George David Clark: Within a year or two of the journal’s founding, the editors, John Poch and Deborah Ager, were using the 32 Poems website to promote their authors’ recent books and to share news about the development of the magazine. From the beginning they hoped the print journal could function as a focal point for a community of poets who were underserved by other publications (especially those writing shorter lyrics with great attention to rhythm). For that community to cohere, they knew they needed to move beyond the page. In their vision, publication shouldn’t mean the conclusion of the poem’s life, so they championed their authors to reprinters and the annual “best of” anthologies. They hosted readings and maintained a presence at the AWP conference along with many other book fairs, festivals, and writers’ retreats.
Perhaps most importantly, John was willing to wrestle with the poems he accepted. Rather than merely selecting superior work without comment (as the overwhelming majority of poetry editors do), he had the boldness and the critical acumen to ask for even more: a new title, some clarification of syntax, the excision of a superfluous stanza, recapitulation of a stray idiom, etc. He gave this treatment to even the nation’s most famous poets and almost without exception they loved him for editing with such deliberation and painstaking attention to detail. With poets like Brigit Pegeen Kelley, Heather McHugh, William Logan, and Alicia Stallings lauding their relationship with the journal, 32 Poems gained a reputation for great editorial attentiveness. Even now, anytime I am representing the journal in public, I meet poets who tell me what a thrill it was to work with John Poch, even when he wound up passing on their work.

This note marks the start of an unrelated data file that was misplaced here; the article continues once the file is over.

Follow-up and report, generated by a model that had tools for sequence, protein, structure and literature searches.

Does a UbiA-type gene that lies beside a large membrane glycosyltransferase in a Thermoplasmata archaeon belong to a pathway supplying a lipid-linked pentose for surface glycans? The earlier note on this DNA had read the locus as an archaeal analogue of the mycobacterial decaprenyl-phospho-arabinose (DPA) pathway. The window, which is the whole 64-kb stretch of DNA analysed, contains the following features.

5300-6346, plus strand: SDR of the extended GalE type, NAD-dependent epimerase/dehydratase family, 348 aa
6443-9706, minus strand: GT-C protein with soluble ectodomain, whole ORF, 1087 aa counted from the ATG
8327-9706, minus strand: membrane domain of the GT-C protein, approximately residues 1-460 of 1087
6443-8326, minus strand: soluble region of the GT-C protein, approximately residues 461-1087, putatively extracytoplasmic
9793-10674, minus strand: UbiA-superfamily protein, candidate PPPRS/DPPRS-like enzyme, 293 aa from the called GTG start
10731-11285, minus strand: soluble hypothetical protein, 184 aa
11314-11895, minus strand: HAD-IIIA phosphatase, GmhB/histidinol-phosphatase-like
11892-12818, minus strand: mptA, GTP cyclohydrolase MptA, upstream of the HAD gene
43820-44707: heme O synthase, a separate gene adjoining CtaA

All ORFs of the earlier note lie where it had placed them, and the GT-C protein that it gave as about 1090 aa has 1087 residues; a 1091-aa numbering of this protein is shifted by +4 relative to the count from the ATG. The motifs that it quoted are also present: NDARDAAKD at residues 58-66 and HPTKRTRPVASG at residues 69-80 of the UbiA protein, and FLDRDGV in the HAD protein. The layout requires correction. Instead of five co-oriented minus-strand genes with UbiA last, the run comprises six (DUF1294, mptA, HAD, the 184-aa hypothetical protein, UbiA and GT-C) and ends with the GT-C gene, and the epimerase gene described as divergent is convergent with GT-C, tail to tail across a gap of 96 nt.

John had trained my own editorial practice for several years before I inherited the journal in 2011, and I was committed, as he and Deborah had been, to enforcing a demanding aesthetic and to creatively extending the life of our poems in any way I could. Our Contributors’ Marginalia series began as an experiment that following year when I invited the poets of issue 10.2 to respond to a fellow contributor’s work. At first, I imagined these pieces would be way for us to share a selection from the print journal with our online audience and encourage new subscriptions.
But a couple of surprising things happened in that first incarnation of the series. First, two poets who had never met selected each other’s work and then discovered they both lived in San Francisco. They soon connected in person and one wound up hosting the other in a local reading series he managed. Second, several of the responses we received functioned less as the explications/admirations we had requested and more as intimate narratives of the reading experience. We quickly realized that the project could offer as much to contributors as it did other readers. By the following issue, we broadened our invitation and encouraged contributors to respond to each other’s work in any way they felt led. Nowadays we get explications, craft studies, original poems, audio recordings, manifestos, and anything else you can imagine. This week we are publishing a series of fantastic questions (“What if hell is a studio in Burbank?”) triggered by an elegy for Johnny Carson. It’s been incredibly rewarding to step away from the issue after publication and turn things over to the contributors. I get to discover the poems anew as their responses come back.
32 Poems does feel like a community to me these days, and there is nothing in my professional life that gives me more pleasure. I look forward to our national events all year for the opportunity they afford me to connect in person with poets who I’ve come to know online through their poems and our editorial correspondence. I can tell they look forward to meeting each other as well, especially those they have responded to in the marginalia series. This February, like last, we’ll be throwing a party/reading on the first night of the AWP conference and expect to draw a couple hundred of poets and readers to enjoy each other’s fellowship and hear some gorgeous poems read aloud.
And yet, hosting this community requires a great deal of work for which none of our editors, myself included, are compensated financially. John and Deborah were never paid for their labor either, but course releases and institutional funding for the journal’s special events allowed them to invest their time into building community a bit more easily than we do now. We have a backlog of ideas for developing 32 Poems beyond the page, but these days it is difficult to balance what we would like to do against the other demands on our time and resources.